The economic shock experienced by most economies caused by the novel Coronavirus (Covid-19) pandemic can have widespread and dramatic effect on investments in the energy sector.
The baseline expectation for 2020 is a widespread global recession caused by prolonged restrictions on mobility and social and economic activity. With a gradual opening up of economies currently under lockdown, the recovery is U-shaped and accompanied by a substantial permanent loss of economic activity.
Global gross domestic product (GDP) is assumed to decline by 6 percent in 2020, an outlook broadly consistent with the International Monetary Fund (IMF) longer outbreak case (IMF, 2020).
Across the world today challenges with global warming and environmental problems because of fossil waste is driving most economies to look at renewable energy. In most developing countries, renewable energy is becoming an important subject, especially those that depend heavily on foreign energy sources to confront continuously increasing energy demand since they need renewable energy to be able to achieve their goal of sustainable growth and do this without destructing the environment and by reducing their foreign dependency.
The effects on energy investment in this scenario come from two directions. First, spending cuts due to lower aggregate demand and reduced earnings; these cuts have been particularly severe in the oil industry where prices have collapsed. Second, the practical disruption to investment activity caused by lockdowns and restrictions on the movement of people and goods.
Most economies are utilizing public financing institutions to advance a green agenda and create jobs as they begin to plan their economic bounce back from the COVID-19 pandemic. Already some US states banks have provided loans and grants to fund carbon-cutting projects, such as community solar and energy efficiency retrofits. In April this year, New Jersey announced to set up a “Green Bank” by the end of the year to finance environmentally friendly infrastructure.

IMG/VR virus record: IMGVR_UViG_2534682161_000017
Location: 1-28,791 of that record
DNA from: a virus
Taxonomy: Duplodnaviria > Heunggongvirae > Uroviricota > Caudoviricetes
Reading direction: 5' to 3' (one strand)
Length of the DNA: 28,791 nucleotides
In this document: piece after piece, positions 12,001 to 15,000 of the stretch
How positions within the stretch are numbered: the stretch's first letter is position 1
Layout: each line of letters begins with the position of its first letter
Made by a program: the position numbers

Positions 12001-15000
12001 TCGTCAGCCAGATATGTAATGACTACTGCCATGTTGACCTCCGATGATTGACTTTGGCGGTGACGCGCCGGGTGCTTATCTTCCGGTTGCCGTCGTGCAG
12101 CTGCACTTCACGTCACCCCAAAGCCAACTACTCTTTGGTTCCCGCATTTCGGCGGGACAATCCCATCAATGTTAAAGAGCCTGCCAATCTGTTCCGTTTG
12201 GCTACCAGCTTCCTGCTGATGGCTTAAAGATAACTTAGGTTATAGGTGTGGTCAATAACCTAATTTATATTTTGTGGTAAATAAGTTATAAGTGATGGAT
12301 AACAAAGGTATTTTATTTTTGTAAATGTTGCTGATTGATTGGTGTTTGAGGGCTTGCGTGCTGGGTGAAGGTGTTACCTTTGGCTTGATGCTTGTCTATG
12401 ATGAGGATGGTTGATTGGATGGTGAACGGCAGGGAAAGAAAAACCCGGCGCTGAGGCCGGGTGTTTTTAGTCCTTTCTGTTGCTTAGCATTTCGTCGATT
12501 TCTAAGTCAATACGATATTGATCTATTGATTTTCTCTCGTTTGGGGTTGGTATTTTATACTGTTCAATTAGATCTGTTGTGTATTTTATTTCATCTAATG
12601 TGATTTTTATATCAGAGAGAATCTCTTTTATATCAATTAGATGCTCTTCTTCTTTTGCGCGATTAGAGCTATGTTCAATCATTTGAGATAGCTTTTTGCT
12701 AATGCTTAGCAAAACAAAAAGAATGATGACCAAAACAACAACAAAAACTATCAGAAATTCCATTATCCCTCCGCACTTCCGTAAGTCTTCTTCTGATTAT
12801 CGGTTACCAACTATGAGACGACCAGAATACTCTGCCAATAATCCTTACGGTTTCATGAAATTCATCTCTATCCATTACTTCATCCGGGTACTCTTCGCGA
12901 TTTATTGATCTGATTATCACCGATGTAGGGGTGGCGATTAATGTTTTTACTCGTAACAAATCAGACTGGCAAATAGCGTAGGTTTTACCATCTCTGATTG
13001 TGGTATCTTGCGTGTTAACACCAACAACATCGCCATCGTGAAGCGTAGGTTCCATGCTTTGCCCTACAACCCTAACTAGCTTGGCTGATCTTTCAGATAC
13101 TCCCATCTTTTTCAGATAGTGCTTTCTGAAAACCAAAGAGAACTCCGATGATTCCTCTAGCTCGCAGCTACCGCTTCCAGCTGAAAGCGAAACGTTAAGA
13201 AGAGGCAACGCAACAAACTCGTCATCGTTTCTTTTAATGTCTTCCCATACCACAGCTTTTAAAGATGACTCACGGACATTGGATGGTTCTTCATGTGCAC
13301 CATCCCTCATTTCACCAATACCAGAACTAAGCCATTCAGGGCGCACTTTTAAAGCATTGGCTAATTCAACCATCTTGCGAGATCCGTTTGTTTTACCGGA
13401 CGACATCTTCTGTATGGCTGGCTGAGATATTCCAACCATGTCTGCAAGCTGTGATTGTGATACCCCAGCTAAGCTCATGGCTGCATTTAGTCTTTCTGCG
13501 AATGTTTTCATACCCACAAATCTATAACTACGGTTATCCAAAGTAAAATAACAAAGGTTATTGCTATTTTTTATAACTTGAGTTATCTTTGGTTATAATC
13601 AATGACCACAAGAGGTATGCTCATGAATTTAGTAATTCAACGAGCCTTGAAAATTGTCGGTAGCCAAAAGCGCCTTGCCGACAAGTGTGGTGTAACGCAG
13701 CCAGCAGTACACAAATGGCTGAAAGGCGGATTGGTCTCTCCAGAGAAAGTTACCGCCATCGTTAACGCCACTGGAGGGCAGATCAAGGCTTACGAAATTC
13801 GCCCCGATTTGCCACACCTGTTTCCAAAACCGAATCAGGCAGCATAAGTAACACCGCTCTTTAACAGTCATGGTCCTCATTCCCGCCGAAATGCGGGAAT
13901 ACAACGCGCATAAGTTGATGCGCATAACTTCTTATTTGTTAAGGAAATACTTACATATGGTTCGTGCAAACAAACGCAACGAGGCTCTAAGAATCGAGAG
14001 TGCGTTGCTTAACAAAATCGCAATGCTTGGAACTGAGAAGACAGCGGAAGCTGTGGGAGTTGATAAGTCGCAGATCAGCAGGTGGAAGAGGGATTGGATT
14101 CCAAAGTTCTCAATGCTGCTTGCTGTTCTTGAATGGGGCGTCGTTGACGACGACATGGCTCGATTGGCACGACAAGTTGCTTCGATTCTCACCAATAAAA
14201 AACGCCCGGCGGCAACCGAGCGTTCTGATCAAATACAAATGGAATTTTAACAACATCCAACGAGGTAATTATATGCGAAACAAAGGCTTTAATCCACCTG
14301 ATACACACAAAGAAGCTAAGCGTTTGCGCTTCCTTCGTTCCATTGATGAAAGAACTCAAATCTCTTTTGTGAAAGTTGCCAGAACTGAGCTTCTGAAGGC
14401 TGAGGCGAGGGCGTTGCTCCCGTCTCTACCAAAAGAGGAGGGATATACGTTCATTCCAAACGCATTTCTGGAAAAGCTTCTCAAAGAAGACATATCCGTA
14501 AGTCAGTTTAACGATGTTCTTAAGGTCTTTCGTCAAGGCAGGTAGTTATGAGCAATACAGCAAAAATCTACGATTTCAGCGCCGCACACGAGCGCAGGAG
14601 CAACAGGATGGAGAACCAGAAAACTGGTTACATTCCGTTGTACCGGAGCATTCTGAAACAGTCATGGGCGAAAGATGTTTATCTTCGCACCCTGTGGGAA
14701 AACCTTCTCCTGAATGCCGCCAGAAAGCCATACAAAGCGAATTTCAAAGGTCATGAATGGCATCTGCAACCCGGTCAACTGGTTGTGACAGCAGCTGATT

Opportunities for Banks in Ghana
In the early 90’s most of the banks across the world were unwilling to lend to renewable energy projects on a recourse basis due to unproven technologies, hesitant regulations, and lack of experience in renewable energy project financing on the part of the banks. The fact is little was known about renewable energy. So only a few project financings existed in the world and the ones that existed had a tendency to be undersized with margins and cost were rather high.
Times are changing as advancement in technology, political stability and economic improvements have provided the enabling environment for far wider market interest for project financing of renewable energy. For example, by the time the Europeans had adopted directives, banks had gained experiences lending to renewable energy projects in member states.
Today, as expectations have exceeded by the banks, renewable energy targets have gained extensive support. Banks have become more and more secured financing the renewable energy projects, so the numbers of the banks have been quadrupled over the years and long term bankable power contracts for developers to finance the projects that have been raised. This augmentation also has resulted in growing the size of projects brought to the market.